It was also then that the beautiful city of Bern was designated the federal city – note that Bern is officially never called a capital city as Switzerland has no capital – and the impressive Federal Parliament was built. The imposing sandstone building that dominates the centre of the city was designed by Hans Auer and opened in 1902 as the embodiment of Switzerland in one edifice. Auer used 38 Swiss artists, 173 Swiss companies and stone from 13 cantons to create his masterpiece, ensuring that every statue and painting shows something from Swiss history. The whole ensemble is crowned by a dome topped by a gilded Swiss cross.
Bern © Jan Geerk/Swiss-Image.ch
Visiting the building is relatively easy; this isn’t the US Congress of British House of Commons. When parliament is not sitting, there are free guided tours in four languages, but each hour-long tour only has 40 places, so it’s advisable to book in advance by phone or email. English tours are on Saturday at 2pm, which is perfect timing as it means you can enjoy the colourful market that fills the Bundesplatz, or parliament square, every Saturday morning. Piles of plump fruit and vegetables, mountains of cheese (with and without holes), crusty breads and pretty flowers fill the stalls set up by local farmers. It’s the ideal appetiser for the afternoon.
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Even if parliament is in session, you can still go and watch the proceedings from the public gallery as there are 25 seats available there every day. For any visit, you must bring a photo ID with you and pass through airport-style security. www.parlament.ch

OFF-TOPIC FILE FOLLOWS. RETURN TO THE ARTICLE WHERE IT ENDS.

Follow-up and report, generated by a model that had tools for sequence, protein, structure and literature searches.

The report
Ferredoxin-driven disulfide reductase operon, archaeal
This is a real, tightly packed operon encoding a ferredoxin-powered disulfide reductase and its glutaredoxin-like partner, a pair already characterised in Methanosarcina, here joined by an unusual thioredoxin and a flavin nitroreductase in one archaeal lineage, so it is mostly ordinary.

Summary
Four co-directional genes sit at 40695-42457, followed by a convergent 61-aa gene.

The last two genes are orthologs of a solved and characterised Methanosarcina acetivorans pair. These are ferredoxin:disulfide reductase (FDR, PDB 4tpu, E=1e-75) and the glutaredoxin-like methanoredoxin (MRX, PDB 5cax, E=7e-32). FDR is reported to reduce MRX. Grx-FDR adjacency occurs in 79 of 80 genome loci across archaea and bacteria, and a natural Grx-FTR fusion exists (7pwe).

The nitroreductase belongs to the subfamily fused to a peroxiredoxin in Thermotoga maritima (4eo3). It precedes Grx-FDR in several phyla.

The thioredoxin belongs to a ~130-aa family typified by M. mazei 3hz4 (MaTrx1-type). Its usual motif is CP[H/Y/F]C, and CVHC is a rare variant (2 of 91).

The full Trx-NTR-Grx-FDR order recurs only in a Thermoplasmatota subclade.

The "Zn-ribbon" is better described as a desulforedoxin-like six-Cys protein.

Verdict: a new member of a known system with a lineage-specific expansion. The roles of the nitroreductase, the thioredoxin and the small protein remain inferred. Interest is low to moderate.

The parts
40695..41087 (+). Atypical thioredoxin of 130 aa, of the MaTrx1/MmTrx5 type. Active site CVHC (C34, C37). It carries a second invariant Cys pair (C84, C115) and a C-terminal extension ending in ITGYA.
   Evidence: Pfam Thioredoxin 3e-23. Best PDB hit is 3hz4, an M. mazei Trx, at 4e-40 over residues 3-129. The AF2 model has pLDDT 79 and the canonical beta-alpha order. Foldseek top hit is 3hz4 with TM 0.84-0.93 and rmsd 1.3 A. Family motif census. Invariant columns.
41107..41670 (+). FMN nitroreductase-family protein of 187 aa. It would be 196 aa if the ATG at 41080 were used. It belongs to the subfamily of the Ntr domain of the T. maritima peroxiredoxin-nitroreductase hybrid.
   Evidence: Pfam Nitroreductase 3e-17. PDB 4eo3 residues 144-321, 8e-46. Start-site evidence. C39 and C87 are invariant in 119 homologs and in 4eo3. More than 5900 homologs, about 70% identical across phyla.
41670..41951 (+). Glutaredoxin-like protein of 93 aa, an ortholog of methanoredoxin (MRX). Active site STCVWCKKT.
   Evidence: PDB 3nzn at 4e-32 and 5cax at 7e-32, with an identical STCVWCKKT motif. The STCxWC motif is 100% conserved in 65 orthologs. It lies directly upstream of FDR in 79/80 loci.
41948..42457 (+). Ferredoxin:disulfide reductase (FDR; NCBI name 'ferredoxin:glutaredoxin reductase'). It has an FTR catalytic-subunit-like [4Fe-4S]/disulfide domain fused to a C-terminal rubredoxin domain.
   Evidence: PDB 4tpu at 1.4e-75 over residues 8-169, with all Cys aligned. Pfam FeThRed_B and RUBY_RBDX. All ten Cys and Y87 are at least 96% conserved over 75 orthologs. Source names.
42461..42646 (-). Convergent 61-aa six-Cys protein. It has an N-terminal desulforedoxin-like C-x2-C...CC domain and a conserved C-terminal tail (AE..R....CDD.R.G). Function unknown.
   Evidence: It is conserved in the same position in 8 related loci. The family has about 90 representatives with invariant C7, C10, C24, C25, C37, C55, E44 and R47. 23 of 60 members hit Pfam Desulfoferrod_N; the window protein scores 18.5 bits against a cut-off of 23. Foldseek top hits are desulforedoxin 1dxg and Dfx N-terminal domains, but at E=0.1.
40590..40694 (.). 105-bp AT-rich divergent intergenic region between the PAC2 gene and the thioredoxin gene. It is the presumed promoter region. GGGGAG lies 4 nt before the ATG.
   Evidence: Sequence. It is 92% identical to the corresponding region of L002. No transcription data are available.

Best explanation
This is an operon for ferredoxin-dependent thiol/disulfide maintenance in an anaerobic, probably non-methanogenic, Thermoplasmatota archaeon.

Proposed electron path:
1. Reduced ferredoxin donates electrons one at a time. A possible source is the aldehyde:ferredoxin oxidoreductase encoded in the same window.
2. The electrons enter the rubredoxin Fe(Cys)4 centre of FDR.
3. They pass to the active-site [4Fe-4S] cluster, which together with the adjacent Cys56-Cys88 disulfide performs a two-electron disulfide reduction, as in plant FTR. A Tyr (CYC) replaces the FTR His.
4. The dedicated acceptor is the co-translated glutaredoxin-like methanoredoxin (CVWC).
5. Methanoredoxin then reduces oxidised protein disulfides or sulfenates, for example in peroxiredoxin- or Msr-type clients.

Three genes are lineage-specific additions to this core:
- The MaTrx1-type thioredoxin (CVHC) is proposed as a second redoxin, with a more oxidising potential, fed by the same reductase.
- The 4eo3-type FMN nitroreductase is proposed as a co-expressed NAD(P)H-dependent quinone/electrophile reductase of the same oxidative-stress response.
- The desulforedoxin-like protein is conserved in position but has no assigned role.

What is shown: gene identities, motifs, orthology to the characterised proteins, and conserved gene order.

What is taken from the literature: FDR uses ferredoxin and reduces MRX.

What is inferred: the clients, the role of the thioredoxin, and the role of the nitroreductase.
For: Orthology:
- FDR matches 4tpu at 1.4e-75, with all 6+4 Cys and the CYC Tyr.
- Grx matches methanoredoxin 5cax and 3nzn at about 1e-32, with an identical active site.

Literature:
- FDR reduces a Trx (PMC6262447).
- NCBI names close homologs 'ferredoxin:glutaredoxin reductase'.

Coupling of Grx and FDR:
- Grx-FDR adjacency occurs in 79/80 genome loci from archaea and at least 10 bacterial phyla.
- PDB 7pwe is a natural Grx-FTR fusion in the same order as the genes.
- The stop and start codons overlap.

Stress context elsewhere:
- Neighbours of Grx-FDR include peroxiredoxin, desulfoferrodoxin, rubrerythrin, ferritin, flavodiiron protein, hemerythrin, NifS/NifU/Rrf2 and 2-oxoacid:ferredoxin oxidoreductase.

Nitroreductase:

The international forum
Palais des Nations, Geneva
If you also have a taste for politics on an international scale, then a trip to Geneva is a must. Not because the city is home to over 250 international organisations and NGOs, but simply because it is the seat of the United Nations in Europe. This is politics on a grand scale, both in terms of the subject matters and the building itself.
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The elegant Palais des Nations was originally built as the headquarters of the UN’s predecessor, the ill-fated League of Nations. A competition was launched in 1926 to find the right design, but no winner could be chosen; even the famous Swiss architect Le Corbusier didn’t get the go-ahead. Instead, the design was a collaboration between five architects from four different countries, which is rather fitting for a place that was the first home of international collaboration.
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That the Palais was built in the 1930s is instantly clear from its Art Deco style and clean lines. It has of course been extended since its opening in 1936 so that the whole complex is now 600 metres long and has 2,800 offices. Luckily, the guided tours don’t visit each room and every corridor, but instead give you a chance to see the stage of so many international debates and behind the scenes at the UN itself. And the park setting near Lake Geneva is beautiful in itself.
Public tours take place all year round, though times and days differ depending on the season. You cannot book in advance so it’s just a matter of turning up and waiting to join the next available tour. It does get very busy in summer, so arrive early. And, as always, you need a photo ID with you. www.unog.ch